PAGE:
Please give a current update on yourself (college and graduation year, major, work or career, family, other interests, service or hobbies).

Since graduating from Texas A&M University with a Classics major in May 2018, I’ve gotten to join Young Life as an Area Director and put down some roots in a little west Texas town called Marfa. Out here, our team has the privilege of ministering to spiritually disinterested adolescents and families across the Big Bend region.

In what ways did your Geneva education/training prepare you for the work you are doing now?
Geneva taught me how to be a student and process the world around me. These have been necessary faculties in ministry as I have had to learn a new language and consider new worldviews since moving to Marfa.

Please describe the most significant value you learned from Geneva.
Geneva gave me the tools to engage reality; not to shy away from it. And it was probably at Geneva that my heart began to be softened toward others. To seek truth, we were always asked to take on the posture of a true student. For me, that meant loosening the grip on my own opinions and prejudices and learning to consider the worldviews of others. That model of student-hood greatly prepared me for life. It prepared me join into diverse communities. It prepared me to take a necessary leap from being sympathetic to being empathetic. I thank God that the Geneva faculty, the Board and our vision-casters who strive to uphold congruency between what we teach and Christ’s love.

How would you encourage a Geneva Rhetoric School student to make the most of their Geneva years?
Relax. Enjoy these people around you.

Describe Geneva in one word. Explain.
Gift. Geneva is the greatest gift that a 16-year-old doesn’t know that he has.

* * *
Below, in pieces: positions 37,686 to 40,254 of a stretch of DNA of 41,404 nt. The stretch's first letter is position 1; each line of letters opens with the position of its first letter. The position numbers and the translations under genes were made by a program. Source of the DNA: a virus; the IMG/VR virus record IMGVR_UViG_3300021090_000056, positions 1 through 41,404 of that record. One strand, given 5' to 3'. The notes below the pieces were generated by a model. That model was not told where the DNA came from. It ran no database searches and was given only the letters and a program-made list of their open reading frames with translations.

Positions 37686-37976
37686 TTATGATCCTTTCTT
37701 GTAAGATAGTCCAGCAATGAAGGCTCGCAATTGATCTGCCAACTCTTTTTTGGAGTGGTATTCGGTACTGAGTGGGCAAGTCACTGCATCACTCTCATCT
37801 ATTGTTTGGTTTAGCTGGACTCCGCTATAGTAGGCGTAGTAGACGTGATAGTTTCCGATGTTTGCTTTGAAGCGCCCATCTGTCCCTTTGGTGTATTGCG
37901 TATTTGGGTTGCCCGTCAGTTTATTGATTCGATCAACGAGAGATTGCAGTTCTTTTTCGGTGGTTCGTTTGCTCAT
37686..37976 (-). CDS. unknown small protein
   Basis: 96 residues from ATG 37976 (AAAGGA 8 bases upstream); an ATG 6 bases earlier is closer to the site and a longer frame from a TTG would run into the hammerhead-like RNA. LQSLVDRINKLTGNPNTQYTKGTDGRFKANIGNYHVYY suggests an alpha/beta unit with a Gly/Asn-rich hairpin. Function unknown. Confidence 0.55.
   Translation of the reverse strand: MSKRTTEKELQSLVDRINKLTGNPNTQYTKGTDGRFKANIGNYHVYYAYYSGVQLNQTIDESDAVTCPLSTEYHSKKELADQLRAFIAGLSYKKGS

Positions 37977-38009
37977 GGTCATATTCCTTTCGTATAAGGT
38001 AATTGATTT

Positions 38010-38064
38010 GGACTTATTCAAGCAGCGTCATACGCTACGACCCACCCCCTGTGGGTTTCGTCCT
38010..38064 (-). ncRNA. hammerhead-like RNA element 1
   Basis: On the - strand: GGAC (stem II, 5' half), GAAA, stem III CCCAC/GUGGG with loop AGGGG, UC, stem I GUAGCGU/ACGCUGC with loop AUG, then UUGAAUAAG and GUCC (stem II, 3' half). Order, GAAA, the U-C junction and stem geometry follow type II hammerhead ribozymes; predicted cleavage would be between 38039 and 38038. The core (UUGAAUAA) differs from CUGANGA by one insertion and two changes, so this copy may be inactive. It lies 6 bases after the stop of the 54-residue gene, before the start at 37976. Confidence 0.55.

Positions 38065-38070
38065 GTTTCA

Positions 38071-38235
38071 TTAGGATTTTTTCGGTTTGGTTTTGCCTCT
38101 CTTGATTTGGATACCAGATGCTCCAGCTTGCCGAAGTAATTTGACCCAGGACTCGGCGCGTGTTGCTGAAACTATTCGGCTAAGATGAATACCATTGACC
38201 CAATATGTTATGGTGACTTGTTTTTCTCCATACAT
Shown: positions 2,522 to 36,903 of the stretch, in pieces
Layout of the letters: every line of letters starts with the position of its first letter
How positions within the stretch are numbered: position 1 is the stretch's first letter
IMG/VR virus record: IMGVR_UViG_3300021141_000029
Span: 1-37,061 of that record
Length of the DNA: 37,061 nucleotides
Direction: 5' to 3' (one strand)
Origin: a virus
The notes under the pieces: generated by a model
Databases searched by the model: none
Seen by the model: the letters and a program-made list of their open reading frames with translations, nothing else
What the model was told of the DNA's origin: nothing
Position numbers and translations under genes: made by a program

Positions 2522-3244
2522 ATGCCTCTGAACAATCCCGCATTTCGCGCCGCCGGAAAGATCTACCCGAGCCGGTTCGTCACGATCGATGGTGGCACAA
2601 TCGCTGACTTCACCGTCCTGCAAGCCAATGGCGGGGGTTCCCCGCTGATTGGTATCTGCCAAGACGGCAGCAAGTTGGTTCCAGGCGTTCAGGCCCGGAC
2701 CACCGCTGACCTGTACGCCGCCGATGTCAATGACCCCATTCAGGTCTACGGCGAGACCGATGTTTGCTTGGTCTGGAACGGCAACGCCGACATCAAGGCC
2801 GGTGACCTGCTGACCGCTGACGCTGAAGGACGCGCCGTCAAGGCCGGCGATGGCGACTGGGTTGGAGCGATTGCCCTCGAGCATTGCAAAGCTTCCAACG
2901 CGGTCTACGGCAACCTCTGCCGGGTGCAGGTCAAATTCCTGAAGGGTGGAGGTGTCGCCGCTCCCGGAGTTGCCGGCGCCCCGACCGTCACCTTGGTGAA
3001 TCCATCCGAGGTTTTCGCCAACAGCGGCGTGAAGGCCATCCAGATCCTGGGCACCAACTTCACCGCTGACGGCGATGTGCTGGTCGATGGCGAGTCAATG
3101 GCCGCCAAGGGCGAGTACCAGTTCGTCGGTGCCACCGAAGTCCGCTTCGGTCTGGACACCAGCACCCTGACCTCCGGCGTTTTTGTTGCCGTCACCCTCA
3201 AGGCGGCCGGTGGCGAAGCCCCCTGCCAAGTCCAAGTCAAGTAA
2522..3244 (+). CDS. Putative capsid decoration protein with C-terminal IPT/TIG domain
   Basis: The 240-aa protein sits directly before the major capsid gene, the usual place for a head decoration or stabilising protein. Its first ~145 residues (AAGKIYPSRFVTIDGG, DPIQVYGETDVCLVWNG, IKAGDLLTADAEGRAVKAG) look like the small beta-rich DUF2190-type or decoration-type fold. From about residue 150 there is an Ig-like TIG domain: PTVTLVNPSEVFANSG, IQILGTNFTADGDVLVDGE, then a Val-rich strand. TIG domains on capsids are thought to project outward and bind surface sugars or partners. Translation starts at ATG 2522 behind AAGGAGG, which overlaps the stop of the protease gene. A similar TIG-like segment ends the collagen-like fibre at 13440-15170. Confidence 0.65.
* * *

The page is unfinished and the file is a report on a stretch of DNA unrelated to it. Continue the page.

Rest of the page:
Please share one or two of your Geneva extracurricular activities and then contrast that with one or two of your current non-work activities.
HAHA. I “played” basketball and “ran” cross country. Out here in Marfa, I do get to shoot hoops pretty often with students. My dogs Pancho and Lefty probably wish I could still run three miles. But alas, they have to run alone.

What are your future career goals and how do you feel prepared for them? How has Geneva been a thread that has connected you to your work now and what you see yourself doing in the future?
For now, my career goal is to sit tight with Young Life in the Big Bend. It will take some time to build important bridges of trust and establish ministries in the surrounding towns of Fort Davis, Valentine, Alpine, Presidio and Ojinaga, Mexico. For this task, I feel prepared by God’s word and by the wisdom coming from friends and family. Had I not learned to love God’s word at Geneva, nor had I been challenged by wise men and women on the faculty (i.e. Luis Arizpe, Rob Shelton, Jill Daniels, Dirk Russell, Debbie Wheeler, Aaron Southwick, Susan Greenlees, Paul Johnson, Mimi Stricker, Jeff Crews and others), then I most certainly would not have ended up in this ministry. These folks engaged me, walked alongside me and loved me unconditionally while I was an unlovable teenager. So really, they trained me in how to do my current job. As far as the future goes, whether I am in ministry or not, I hope to continue emulating those role models that I had at Geneva, as we all ultimately strive to imitate Christ.